This post in particular held my attention recently:

“I want to have my own career. I don’t want to depend on anyone else. But there’s a view in our society that an independent woman doesn’t belong here. She is not ‘one of us.’ So if you want to do some things on your own, they expect you to do everything on your own. And that’s difficult. Because wanting to be independent doesn’t mean I want to be alone.”

(Karachi, Pakistan)

This girl is from Pakistan, where Brandon, the man behind Humans of New York is currently on a tour. This line in particular, made me think: wanting to be independent doesn’t mean I want to be alone.

I’m from India, a country in many ways similar to Pakistan, and I understand what this young woman is talking about. In Asia (and I hear it is the same for women the world over, to varying extents), a woman has to make a choice: to be independent, or to be shunned by her society– too educated, too ambitious, too career-driven.

In certain societies, these terms become epithets for women, whereas, for men, these are words of praise.

Click to Tweet An ambitious woman, even in Western movies and shows, seems to have certain negative connotations. I wonder why.

My question to you, irrespective of whether you’re a man or woman, or identifying as any other gender:

Have you ever had to make a choice between being independent and having friends, family and the society in general stand by you? Have you experienced discrimination at your workplace based on gender?

If you’re a parent, do you see different challenges ahead of your children based on their gender? How are you equipping them to face these challenges?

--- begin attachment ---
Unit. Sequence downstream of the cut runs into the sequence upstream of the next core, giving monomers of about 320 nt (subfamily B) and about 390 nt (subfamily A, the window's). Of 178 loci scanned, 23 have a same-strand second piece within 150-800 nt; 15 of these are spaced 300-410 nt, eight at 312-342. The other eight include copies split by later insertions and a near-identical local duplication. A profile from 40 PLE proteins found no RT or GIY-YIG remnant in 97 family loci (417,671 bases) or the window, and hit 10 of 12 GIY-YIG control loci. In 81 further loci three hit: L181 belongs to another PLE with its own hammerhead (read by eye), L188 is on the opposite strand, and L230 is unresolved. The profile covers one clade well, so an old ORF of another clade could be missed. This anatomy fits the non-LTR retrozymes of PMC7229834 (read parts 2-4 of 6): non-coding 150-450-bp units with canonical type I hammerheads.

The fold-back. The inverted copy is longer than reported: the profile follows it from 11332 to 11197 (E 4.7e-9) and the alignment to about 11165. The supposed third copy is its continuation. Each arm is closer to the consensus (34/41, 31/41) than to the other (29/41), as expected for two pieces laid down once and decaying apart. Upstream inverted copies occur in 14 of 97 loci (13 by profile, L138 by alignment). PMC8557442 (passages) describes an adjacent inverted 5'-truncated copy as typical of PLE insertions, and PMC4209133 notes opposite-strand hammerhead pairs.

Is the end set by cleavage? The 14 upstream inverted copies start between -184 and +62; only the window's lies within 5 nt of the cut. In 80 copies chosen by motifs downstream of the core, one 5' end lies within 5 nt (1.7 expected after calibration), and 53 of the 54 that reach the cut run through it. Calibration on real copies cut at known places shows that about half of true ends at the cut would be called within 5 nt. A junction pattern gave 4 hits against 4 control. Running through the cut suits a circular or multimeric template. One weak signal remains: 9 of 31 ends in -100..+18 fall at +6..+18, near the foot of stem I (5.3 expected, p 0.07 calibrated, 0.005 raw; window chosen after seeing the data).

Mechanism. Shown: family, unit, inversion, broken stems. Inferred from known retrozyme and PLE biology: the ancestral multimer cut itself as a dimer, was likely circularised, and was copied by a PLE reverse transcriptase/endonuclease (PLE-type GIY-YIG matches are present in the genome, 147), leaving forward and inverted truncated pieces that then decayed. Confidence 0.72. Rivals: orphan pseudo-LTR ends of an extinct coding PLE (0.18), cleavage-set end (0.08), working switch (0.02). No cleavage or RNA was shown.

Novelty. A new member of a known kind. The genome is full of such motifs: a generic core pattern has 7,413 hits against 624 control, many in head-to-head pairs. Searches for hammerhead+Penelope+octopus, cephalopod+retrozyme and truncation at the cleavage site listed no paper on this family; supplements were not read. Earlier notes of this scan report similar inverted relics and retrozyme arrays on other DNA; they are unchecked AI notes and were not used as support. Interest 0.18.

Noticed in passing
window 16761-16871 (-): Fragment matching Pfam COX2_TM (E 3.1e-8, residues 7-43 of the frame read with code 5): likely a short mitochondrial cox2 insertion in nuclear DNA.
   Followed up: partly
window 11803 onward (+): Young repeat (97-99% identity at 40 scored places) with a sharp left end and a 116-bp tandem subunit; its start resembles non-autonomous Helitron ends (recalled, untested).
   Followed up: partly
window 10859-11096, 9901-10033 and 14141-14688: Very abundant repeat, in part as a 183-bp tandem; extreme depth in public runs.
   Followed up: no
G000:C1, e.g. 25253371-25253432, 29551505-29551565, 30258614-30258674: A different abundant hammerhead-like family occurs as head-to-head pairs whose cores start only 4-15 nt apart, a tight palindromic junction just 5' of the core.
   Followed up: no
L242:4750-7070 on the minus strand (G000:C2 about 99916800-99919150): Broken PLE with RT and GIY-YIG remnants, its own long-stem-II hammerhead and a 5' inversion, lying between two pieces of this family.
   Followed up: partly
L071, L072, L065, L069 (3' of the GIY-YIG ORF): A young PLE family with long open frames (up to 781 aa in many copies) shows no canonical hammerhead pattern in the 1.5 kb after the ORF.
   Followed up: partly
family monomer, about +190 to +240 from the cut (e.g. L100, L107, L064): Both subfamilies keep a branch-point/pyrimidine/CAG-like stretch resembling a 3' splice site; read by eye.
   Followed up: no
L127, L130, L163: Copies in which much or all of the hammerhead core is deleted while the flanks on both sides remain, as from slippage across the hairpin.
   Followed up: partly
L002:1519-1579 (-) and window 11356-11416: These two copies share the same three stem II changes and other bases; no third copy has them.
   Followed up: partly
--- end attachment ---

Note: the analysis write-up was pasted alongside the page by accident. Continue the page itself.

Have your experiences in family, society or workplace ever made you wish you were a different gender? Any words of advice for the girl in this picture?

If you’re reading this, do not have a blog, and want to join the discussion, head over to Daily (w)rite’s Facebook page!

How Do You Stay Yourself? Sunday morning #Thoughts


Damyanti:

As a writer, I do leave parts of myself in front of the public in general– sometimes concealed or disguised in fiction, at others on this blog or on the Facebook page— anyone who trawls through this 7-year old blog would know me, to an extent. It is hard to stay myself, yet be private when the blog is so public. It is hard to be a writer, and not rant on any of my social platforms on one of the bad writing days. The following post by Jamie Lee Wallace examines the challenges of being authentically ourselves. It is long, but well worth the read. She raises important questions: How is it possible to be yourself all the time, when your selves, your roles in life are disparate or fragmented? What if you’re a businessperson but also an artist? A doctor, but also a dancer? What about you– how do you express yourself? How do you stay yourself in the face of people’s expectations from you?

Originally posted on Live to Write - Write to Live:

The not-so-easy art of being yourself

pin who you wereBeing yourself is hard. Maybe you’re more evolved than I am, but I’m pretty sure that when it comes to who I am, I’m still figuring it out. I know I’m supposed to be a grown-up, but I still feel like an awkward kid half the time. I still have so many questions and doubts. I still feel like an unfinished story.